Frequently Asked Questions
My doctor has prescribed Rituxan (Rituximab). What can you tell me about it?
Rituxan/Rituxamab is an IV B-cell therapy (also called B-cell depletion therapy) used for people with autoimmune encephalitis (AE). AE is caused by auto-antibodies malfunctioning and attacking the brain. Auto-antibodies are made by plasma cells, b cells are plasma cells. These are cells of your immune system.
How B-Cell Therapy (Treatment) Works
B cells are a type of white blood cell. They make antibodies — proteins that fight viruses and bacteria. B cells normally can’t cross from your blood into your brain or spinal cord. If you have AE, some B cells enter your brain and spinal cord and attack healthy cells thinking they are foreign invaders.
B-cell therapy uses drugs called monoclonal antibodies to attack these cells. These meds stick to the surface of B cells. This kills the cells, helps ease inflammation, and plays a part in slowing down nerve damage.
B-cell therapy might affect other parts of your immune system as they fight AE. That’s because B cells affect other immune cells called T cells. T cells usually kill viruses and bacteria. But when you have AE, B cells recruit T cells into your brain. There, they cause inflammation.
When your number of B cells goes down, your amount of T cells that cause inflammation goes down, too. At the same time, your level of something called regulatory T cells goes up. Regulatory T cells turn off inflammation. They may even help slow your immune system’s attacks on your body.
If you don’t have any b cells, then the attacking auto-antibody can-not be made.
The doctor will monitor the patient by taking blood labs to see if the Rituxan has reached its’ full affect. This is when the B cells are at zero. The doctor evaluates their patient’s symptoms and presentation when the b cells are at zero and the treatment is having its full effect. It can take around 6 weeks after the patient has received their second dose (full dose) of Rituxan treatment to show effectiveness as it is slow acting. Rituxan can last around 6 months. Some patients require more than one round of this treatment and will receive repeated Rituxan treatments. The doctor continues to re-evaluate how the patient is doing throughout the treatment process.
When the B cells come back, the hope is that they will not make these attacking antibodies anymore. AE is treated with a combination of treatments. Each treatment addresses a different aspect of what the disease is doing.
In AE, Rituxan is a second line treatment after steroids, plasmapheresis, and IVIG. Although some physicians have used Rituxan as a first line treatment, depending on the patient’s presentation.
Remember timing is everything! Once a work up is complete and AE is determined by the physician immediate treatment is crucial.
Infusions sometimes cause an allergic reaction. Your doctor might call it an infusion reaction. If it happens, it’s usually during your first dose.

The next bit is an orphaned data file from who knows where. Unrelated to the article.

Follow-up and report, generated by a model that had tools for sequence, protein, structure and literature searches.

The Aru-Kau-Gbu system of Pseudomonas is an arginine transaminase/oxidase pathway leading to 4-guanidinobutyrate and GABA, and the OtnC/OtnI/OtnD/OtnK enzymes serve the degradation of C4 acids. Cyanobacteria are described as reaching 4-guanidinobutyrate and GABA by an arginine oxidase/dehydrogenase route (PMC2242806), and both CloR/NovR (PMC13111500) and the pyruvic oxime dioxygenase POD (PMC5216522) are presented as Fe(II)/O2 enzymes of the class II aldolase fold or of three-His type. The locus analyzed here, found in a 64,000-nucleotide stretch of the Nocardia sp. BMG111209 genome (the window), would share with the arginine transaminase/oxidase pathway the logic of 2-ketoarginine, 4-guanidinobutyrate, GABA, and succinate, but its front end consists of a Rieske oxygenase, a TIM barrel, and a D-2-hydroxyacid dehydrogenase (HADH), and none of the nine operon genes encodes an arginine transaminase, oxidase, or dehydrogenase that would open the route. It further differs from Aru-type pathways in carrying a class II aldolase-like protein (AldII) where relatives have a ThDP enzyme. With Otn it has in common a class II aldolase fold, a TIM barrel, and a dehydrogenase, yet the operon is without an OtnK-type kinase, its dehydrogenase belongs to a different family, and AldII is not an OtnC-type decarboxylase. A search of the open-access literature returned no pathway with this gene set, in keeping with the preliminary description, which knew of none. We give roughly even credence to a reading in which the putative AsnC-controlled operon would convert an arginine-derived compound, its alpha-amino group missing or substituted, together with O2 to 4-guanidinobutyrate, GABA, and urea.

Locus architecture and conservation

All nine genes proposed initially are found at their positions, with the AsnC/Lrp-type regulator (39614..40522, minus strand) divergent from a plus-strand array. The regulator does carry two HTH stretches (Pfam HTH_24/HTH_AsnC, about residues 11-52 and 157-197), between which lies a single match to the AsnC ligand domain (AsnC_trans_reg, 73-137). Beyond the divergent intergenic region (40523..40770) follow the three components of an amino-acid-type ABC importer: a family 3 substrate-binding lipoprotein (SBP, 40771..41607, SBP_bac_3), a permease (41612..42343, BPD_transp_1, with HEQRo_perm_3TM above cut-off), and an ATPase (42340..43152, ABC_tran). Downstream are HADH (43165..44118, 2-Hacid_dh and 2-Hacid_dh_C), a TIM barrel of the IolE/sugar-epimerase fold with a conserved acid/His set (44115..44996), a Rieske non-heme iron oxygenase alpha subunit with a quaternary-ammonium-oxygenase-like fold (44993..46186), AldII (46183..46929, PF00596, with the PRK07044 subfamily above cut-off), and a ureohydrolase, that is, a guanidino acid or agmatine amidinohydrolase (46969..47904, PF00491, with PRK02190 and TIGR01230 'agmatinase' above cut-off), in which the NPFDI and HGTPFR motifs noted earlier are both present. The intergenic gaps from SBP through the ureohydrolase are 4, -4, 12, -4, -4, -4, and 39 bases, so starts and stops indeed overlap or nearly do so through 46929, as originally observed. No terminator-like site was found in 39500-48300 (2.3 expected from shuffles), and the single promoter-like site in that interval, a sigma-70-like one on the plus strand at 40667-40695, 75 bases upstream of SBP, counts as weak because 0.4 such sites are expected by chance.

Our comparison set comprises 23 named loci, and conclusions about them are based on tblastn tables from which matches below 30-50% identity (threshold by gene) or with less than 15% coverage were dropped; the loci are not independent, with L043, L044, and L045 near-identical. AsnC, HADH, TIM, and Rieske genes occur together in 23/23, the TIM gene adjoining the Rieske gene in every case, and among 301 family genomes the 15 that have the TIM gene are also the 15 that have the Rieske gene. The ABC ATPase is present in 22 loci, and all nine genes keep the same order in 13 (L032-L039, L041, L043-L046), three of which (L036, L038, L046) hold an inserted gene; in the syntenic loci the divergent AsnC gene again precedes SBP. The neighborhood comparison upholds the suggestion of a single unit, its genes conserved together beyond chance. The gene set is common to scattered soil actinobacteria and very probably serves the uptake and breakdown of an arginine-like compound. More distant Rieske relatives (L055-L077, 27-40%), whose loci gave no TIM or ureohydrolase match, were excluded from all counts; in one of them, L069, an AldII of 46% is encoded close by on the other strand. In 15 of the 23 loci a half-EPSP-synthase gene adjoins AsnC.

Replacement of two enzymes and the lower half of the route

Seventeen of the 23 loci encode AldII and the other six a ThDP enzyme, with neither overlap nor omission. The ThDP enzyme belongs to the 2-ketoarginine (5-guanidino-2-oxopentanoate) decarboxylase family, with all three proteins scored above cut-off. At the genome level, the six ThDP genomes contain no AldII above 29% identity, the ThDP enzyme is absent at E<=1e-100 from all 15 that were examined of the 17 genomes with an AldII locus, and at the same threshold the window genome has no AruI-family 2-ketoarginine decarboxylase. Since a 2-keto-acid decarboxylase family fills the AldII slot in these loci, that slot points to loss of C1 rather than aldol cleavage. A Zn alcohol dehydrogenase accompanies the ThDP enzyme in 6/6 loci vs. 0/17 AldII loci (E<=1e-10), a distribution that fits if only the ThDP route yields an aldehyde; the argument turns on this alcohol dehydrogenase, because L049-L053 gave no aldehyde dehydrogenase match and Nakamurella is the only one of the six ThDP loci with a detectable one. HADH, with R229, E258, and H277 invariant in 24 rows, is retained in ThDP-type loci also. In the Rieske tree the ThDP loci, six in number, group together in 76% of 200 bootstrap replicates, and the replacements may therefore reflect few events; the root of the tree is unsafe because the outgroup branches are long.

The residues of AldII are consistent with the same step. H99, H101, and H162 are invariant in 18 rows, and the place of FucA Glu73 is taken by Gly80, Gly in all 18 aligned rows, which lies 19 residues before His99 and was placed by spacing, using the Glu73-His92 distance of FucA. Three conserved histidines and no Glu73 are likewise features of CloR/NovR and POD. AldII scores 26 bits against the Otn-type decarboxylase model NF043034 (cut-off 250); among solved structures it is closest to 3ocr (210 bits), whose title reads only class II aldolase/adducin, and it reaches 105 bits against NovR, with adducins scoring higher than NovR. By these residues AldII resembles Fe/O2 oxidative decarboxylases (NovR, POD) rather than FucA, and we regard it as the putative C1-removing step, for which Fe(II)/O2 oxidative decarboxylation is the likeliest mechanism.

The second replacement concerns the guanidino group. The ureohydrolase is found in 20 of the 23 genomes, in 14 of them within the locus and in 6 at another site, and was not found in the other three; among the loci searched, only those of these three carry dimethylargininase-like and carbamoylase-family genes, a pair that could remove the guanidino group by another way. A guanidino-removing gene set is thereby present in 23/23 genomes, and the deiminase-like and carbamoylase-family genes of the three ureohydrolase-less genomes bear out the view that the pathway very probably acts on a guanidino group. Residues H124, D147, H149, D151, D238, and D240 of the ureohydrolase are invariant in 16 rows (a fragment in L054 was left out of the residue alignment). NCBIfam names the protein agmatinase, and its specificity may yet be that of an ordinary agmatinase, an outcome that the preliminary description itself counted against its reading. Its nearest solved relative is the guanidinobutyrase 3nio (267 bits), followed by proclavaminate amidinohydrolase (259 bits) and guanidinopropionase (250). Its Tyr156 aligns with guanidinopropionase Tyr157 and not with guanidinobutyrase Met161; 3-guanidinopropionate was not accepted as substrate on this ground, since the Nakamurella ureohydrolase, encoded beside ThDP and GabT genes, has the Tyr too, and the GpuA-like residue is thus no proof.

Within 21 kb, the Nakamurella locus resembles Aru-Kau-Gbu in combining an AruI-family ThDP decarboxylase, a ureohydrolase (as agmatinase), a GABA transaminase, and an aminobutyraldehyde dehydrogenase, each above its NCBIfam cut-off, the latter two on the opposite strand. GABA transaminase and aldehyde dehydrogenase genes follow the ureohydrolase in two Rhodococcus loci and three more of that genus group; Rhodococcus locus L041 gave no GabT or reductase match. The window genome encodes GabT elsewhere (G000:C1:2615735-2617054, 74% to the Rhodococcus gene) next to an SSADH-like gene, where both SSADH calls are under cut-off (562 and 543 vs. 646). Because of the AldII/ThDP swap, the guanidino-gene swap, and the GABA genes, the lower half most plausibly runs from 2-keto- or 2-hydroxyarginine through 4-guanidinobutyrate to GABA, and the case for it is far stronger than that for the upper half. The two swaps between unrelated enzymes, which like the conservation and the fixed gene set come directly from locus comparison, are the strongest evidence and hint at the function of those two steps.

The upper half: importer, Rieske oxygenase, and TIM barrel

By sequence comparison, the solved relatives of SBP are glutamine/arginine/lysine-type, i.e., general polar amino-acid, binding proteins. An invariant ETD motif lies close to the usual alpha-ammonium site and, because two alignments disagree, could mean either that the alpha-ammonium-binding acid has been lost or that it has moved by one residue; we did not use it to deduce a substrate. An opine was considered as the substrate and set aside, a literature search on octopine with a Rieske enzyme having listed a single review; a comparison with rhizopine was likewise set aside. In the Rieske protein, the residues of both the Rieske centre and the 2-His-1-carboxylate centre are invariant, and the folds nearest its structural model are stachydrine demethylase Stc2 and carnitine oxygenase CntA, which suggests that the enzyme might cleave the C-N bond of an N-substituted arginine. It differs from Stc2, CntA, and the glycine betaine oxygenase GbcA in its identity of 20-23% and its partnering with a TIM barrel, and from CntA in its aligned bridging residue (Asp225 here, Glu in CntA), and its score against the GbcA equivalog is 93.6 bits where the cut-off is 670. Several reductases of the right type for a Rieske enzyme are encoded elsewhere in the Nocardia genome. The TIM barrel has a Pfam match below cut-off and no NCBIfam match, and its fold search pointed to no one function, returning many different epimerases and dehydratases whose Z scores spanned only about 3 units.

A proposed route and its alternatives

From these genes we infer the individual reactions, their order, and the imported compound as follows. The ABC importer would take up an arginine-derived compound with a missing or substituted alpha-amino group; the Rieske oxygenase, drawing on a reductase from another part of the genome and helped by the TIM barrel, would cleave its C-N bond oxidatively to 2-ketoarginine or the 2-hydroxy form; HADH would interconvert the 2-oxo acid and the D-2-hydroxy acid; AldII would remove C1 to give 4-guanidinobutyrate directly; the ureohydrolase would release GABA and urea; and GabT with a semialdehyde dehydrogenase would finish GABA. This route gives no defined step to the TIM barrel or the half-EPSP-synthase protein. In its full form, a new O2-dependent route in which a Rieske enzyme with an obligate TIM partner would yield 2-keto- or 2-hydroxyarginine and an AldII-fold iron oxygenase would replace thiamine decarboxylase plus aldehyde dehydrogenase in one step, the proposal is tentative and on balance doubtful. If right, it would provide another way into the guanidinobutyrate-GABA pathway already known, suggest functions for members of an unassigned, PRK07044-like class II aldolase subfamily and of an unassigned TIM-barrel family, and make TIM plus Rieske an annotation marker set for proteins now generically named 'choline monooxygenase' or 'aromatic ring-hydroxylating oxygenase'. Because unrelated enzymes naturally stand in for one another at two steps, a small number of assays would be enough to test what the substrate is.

You might have:
These symptoms are often mild but can be severe. You usually get your first dose of these medicines across two sessions to make it less likely that you’ll have a reaction. With any of these treatments, you could be more prone to infections like colds, bronchitis, and herpes. So it’s important to take steps to stay healthy.
Some researchers believe that these treatments can also give you a slightly higher chance of some cancers, especially breast cancer. But experts aren’t sure of the connection. In very rare cases, they may lead to progressive multifocal leukoencephalopathy (PML), a rare brain infection that can be fatal.
Before you begin Rituxan, your doctor will go over all the possible side effects to make sure you know the risks and benefits of treatment.
Key to Treatment the Physician Follows
-The Doctor completes their work up first!
-Immunotherapy takes time to work – weeks to months with continued recovery for 18-24 months
-Need to treat both inflammation and symptoms
-Goal is to Maximize functionality – symptomatic treat also essential
- Timing is everything…
-Timeline of symptom “control” vs “relapse”
Lasts up to 120 days
-Post IV steroids?
“self-tapering” (as instructed by physician)
2-4 months to “sweet spot” for B cell depletion
Quick improvements but quick declines
- Second Line
-Rituximab (Antibody to CD20)
Removes B cells and plasmablasts but not plasma cells (antibody factory)
Does not work immediately- delayed onset of action, improvements usually 2-3 months later
Need to continue bridging with IVIG, steroids, and symptomatic therapy
Standard dosing every 6 months
Follow B cell repopulation and response to determine ultimate dosing frequency if responsive
References: Treatment of Autoimmune Brain Disorders by: Heather Van Mater, MD, MS Pediatric Rheumatology Duke Children’s Hospital Director, Duke Autoimmune Brain Disorders Program